It's gotten very bad in the UK. Secterian mosque's are now preaching support for these groups.

    It all boils down to religious and political ideology. Many of them believe in a prophecy about shaam [syria], which is a very holy place. Furthermore, many of them would endorse anything, so long as the alawi, rafidhi, 'traitor sunni', yahudi [jews], christians, nusayri's were not in charge, and only the salafist millitant leaders were in charge.
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    (Original post by mariachi)

    even "democratic elections" are a daydream for the moment : just stop the bloodshed , and go on from there
    We have to stop supporting gulf state's and governments funding these so-called moderates, who have absolutely no vision of any kind of democracy in syria, and so will not recognise any election whatsoever, and only their own self-styled caliphate.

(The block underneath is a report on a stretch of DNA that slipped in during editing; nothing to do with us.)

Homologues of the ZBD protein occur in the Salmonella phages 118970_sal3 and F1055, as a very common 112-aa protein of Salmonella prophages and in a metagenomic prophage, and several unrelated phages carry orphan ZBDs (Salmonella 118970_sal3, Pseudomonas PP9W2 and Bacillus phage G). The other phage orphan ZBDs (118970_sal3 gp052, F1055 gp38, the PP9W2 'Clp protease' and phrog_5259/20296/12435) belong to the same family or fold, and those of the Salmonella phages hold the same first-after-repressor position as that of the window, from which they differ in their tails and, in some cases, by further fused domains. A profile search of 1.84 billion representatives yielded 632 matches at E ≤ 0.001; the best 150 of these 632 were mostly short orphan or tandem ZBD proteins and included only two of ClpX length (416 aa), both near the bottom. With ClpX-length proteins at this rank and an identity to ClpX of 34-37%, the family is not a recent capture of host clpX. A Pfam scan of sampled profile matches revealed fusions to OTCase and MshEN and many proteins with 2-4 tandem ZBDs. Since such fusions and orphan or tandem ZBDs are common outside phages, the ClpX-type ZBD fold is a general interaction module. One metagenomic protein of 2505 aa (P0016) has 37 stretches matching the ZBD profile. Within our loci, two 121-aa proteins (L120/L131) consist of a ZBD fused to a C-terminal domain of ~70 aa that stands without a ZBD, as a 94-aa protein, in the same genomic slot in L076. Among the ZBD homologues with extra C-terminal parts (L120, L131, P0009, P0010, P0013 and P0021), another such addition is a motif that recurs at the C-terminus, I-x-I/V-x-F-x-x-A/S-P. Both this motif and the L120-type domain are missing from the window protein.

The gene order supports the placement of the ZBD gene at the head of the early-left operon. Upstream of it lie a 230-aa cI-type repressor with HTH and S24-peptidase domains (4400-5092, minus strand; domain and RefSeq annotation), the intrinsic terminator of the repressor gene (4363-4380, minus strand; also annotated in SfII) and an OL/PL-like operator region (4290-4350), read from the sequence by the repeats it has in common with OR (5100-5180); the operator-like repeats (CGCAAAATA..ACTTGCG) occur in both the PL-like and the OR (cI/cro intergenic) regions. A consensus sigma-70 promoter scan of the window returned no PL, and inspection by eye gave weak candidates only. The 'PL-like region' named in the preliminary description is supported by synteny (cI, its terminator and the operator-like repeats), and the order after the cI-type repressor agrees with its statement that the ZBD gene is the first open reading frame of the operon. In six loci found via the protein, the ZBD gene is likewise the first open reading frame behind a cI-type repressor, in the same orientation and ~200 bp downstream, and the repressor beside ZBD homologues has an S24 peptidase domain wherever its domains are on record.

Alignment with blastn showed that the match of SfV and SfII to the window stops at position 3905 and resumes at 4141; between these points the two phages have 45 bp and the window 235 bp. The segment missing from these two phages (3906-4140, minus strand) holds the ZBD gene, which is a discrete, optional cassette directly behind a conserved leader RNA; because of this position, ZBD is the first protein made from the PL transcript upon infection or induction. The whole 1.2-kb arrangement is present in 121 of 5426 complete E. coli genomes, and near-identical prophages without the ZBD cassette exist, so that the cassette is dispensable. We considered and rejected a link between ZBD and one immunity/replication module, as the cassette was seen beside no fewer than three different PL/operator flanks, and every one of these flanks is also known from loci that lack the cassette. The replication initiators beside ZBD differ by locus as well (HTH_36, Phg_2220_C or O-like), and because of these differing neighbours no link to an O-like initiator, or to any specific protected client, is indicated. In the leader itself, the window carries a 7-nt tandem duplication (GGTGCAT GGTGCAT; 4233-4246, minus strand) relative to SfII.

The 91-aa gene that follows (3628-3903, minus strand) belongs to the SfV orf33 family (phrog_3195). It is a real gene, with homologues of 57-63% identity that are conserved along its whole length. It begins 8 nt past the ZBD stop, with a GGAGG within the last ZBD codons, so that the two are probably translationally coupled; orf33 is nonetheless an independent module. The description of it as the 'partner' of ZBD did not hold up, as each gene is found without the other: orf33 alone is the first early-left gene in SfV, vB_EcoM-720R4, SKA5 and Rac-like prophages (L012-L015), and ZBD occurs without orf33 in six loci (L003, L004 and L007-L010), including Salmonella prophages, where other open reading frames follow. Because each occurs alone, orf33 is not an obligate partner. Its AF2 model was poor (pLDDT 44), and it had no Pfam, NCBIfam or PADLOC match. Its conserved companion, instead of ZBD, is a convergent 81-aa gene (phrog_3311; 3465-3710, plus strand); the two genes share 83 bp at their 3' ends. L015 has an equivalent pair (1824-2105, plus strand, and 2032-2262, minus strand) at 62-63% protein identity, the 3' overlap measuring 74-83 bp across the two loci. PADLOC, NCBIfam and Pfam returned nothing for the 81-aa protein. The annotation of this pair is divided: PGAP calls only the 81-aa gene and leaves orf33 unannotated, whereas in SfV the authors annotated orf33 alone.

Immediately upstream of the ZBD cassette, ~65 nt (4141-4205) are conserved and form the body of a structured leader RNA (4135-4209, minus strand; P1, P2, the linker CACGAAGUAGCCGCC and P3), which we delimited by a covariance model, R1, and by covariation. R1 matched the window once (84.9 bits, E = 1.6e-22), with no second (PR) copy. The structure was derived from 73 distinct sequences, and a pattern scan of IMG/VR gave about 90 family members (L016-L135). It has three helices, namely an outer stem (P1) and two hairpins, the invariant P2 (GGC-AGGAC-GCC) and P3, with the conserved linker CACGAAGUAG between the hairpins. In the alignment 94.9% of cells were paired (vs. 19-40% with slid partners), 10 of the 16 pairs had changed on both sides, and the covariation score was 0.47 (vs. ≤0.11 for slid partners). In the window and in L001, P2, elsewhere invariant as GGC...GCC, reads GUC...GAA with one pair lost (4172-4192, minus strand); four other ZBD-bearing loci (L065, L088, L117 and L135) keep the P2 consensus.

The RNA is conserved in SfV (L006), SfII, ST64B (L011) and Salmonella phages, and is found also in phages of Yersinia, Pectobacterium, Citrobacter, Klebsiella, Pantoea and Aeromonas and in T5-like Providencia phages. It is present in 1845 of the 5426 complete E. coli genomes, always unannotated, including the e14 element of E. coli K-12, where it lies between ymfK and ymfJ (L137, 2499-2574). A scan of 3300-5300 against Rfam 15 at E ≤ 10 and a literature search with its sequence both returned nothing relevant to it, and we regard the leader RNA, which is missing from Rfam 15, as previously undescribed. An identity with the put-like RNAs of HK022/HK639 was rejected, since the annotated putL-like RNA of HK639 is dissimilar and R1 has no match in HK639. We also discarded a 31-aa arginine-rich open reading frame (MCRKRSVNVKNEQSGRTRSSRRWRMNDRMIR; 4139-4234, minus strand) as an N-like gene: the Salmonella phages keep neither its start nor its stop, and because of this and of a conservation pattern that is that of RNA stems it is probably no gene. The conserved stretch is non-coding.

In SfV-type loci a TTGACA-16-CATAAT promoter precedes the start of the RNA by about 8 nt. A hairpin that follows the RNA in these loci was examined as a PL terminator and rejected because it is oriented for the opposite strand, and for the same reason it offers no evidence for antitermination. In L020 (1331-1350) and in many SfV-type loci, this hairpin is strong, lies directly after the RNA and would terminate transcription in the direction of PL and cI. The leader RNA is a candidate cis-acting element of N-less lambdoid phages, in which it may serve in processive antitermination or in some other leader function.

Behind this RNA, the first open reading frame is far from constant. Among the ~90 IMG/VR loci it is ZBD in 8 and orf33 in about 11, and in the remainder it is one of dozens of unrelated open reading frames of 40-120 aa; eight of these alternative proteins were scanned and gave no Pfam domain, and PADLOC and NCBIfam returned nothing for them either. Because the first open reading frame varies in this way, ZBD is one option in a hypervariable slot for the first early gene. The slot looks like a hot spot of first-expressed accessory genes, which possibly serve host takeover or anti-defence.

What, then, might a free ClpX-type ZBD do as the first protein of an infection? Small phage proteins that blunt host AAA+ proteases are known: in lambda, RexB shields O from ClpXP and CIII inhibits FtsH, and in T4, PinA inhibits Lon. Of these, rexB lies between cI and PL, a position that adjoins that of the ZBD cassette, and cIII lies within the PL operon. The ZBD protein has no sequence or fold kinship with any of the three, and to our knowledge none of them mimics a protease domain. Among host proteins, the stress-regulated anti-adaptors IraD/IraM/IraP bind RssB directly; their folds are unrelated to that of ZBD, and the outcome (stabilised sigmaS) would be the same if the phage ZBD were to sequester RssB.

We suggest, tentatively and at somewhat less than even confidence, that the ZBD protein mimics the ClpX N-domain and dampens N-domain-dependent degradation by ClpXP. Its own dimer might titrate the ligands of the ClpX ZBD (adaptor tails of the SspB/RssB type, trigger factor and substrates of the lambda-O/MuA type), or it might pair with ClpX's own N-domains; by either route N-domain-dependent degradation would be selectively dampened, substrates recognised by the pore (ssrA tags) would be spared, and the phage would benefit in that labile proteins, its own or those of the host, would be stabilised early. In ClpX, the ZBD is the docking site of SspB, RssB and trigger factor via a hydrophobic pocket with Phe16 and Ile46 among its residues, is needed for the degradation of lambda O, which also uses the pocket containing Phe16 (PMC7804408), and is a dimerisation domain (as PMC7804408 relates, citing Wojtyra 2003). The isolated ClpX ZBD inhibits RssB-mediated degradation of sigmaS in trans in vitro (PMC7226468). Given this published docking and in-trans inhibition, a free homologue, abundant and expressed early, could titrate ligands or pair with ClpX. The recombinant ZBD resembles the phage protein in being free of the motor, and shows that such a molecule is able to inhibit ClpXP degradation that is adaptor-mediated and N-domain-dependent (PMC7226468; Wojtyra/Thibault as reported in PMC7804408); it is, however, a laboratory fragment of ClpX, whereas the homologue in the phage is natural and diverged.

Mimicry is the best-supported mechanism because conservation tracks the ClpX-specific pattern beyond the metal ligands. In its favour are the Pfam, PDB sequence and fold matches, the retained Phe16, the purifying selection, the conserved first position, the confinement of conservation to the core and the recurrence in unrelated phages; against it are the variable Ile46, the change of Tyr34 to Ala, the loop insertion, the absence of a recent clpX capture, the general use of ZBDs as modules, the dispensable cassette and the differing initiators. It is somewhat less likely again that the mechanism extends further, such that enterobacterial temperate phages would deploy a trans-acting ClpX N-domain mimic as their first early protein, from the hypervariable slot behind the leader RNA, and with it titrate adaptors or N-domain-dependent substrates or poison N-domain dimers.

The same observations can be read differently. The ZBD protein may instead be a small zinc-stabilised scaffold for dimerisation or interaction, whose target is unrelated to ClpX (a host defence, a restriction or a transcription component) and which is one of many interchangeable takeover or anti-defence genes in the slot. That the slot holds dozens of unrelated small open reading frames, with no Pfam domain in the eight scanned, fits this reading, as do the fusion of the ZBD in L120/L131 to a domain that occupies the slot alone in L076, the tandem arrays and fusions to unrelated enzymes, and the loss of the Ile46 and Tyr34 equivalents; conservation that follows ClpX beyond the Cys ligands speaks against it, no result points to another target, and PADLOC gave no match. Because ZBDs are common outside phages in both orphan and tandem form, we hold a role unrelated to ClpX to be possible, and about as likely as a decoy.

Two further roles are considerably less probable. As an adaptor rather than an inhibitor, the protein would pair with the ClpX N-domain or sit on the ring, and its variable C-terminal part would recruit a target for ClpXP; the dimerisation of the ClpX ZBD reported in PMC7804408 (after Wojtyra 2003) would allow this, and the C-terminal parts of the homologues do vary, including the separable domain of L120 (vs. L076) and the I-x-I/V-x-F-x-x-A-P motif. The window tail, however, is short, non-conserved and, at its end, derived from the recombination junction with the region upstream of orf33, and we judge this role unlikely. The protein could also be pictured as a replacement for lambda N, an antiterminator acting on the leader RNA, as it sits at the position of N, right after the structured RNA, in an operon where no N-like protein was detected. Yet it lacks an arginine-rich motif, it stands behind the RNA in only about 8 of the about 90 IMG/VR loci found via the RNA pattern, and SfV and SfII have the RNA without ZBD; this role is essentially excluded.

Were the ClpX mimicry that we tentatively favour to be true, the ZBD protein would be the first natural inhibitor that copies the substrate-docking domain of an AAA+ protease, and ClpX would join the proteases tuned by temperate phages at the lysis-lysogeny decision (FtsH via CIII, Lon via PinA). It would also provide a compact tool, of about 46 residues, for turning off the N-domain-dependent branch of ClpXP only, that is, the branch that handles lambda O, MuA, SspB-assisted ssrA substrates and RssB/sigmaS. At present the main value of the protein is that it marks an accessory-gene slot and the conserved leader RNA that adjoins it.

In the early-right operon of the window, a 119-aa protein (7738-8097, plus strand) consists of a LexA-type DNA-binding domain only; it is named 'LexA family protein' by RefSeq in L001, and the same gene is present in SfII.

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    (Original post by Sycatonne23)
    Read my post again. I fully acknowledge that Bashar-Al Assad is a tyrant. However the difference between Assad's tyranny and the tyranny which the rebel groups would exert is that Assad's tyranny doesn't permeate beyond political opponents and populations which actively work to remove him. The tyranny of most rebel groups will be against anybody who wants to go and have a drink of wine, or any women who doesn't want to wear a headscarf, or any teenager who wants to have a girlfriend, or anybody who by the virtue of their sect doesn't fit in with the limited and narrow view of their dogma. This is a tyranny which will be far more barbaric than the tyranny of Assad.
    Precisely.

    Furthermore, though atrocities have been committed on Assads side, many things attributed are part of false war propaganda. And it's only logical in a war, to smear opponents, to be able to do this. So no doubt, while Assad has blood on his hands, i hardly think suicide bombing, alqaeda affiliates and cooperating groups are not going to absolutely exaggerate, fabricate, and create as much propaganda as possible. All sides do this in war.